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Watch out for this little monster.

Gremlins are a kind of monster originating from Britain "neo-mythology", having been concocted by members of the British Royal Air Force within the 1920s as a goblin-like creature that loves mechanical devices and tinkering - or, more accurately, breaking things, especially to get people hurt.

Up to 1983 the most famous gremlin in popular culture was the one Richard Matheson sicced on William Shatner in the 1961 anthology Alone by Night, very soon a Twilight Zone episode. And there was a car. Loosely defined.

Dungeons & Dragons overlooked this breed until Advanced Dungeons & Dragons, when in GenCon XI that post-Monster Manual Jermlaine filled that niche - perhaps from the French.

Gremlins by that name became famous again in the 1980s, that cultural wasteland, because of the Twilight Zone movie and then a disgustingly bad Stephen Spielberg outing. So of course various roleplaying games had to catch up and include them somewhere.

Gremlins most commonly appear in dieselpunk or urban fantasy settings, where their status as magical creatures that love to meddle with machines makes most sense. Settings aiming more to fantasy, like D&D noted above, will portray them as a particularly nasty goblin or faerie creature with a particular knack for traps. They are the anti-gnomes.


In Dungeons & Dragons, at least in AD&D, gremlins are described as a member of the goblinoid family that resemble imps. Fiend Folio didn't define them but did describe several monsters either as gremlins (galltrit) or as jermlaine-related (mite aka pestie, then snyad). Tom Moldvay brought them into the "unadvanced" line through X2: Castle Amber. Thence they entered the Companion Set where, as usual, they appear out of alphabetic order. They wouldn't have it any other way, we suppose.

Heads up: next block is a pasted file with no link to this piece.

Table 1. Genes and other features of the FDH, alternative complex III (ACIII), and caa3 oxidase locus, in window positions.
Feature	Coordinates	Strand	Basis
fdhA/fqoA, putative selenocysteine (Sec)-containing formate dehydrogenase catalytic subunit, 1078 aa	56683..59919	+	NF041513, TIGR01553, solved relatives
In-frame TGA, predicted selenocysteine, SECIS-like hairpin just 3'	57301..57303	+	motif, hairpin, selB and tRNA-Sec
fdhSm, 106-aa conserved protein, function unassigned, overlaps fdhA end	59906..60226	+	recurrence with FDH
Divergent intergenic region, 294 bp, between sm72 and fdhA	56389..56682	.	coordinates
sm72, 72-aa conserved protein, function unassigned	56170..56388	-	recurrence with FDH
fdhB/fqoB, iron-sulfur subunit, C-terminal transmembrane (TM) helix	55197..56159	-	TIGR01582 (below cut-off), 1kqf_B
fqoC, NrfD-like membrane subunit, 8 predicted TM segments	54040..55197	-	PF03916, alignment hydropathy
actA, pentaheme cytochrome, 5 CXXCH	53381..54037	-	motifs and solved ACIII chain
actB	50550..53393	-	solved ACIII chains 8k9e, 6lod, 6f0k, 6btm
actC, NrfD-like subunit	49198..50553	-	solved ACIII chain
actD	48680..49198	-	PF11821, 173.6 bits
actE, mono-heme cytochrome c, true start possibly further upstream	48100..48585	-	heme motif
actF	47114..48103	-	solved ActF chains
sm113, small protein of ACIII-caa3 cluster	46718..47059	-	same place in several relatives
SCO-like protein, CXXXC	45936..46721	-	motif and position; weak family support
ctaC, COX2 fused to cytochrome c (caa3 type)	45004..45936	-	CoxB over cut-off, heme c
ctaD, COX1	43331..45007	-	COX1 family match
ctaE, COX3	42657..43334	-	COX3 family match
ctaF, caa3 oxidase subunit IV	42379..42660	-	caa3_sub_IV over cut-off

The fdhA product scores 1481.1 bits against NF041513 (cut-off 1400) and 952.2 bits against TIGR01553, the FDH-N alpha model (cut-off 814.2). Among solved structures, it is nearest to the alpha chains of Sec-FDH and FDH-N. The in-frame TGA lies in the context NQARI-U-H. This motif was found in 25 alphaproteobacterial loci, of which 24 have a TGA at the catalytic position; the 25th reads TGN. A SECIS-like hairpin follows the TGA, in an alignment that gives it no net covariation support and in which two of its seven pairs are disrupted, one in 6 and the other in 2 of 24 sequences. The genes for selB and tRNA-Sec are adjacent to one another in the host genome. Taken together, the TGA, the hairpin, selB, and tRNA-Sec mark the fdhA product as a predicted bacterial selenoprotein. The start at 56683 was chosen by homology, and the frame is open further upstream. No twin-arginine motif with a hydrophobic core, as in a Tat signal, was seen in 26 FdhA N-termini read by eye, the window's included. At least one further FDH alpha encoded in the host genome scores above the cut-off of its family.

Second Edition was the heyday of this genus. By 1993 the Monstrous Manual had for the Gremlin category five different kinds: the standard gremlin, the Fremlin (Friendly gremlin), and the aforementioned Galltrit, Mite, and Snyad. For whatever reason the Jermlaine were NOT so annexed; they're listed on their own as "Gremlin, Jermlaine". Also this Manual claimed all the big five have wings and small tails, which had not been true of mites and snyads up to now (especially since these live in tiny underground passageways, like the jermlaine); so the "mite" entry has to go backsies on that. Since a gremlin was running TSR at the time, arguably she'd know best.

Ravenloft is home to its own divergent member of the species, the wingless gremishka.

WotC was slow to bring back any of these for Third Edition, only including the Jermlaine and that had to await the second Monster Manual volume. (Why not the 3e Fiend Folio? Dunno!)

Necromancer jumped into the gap, and for Tome of Horrors included the Mite again. Although, this has them as goblinoid (perhaps to avoid the 2e classifications) and disassociates the pestie into a subtype. The third Tome volume has a separate entry on gremlins. Obviously none of this is D&D canon.


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Various gremlinkind debuted in the Pathfinder adventure path Legacy of Fire, at least for its opening act Howl of the Carrion King - and indeed, in the desert you do not want to meet up with them. They also infest the Darklands. They've shown up in various Bestiaries.


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MGE Gremlin.jpg

The gremlins in That Movie reproduce asexually, either directly or else from mogwai. In the sequel, which was a sight better than the original, several full-fledged gremlins break into a bio lab. Relevant here, one takes a massive shot of hormones. Where they had been agents of pure spiteful destruction, which would mostly be coded "male"; this one went femme.

Oh yeah. Gremlin monstergirls are a thing.

The mamono is an imp-like (obviously) beastgirl with an innate knack for magitek. This one is more constructive, like a gnome; a master artificer who builds all manner of perverse and sexual devices.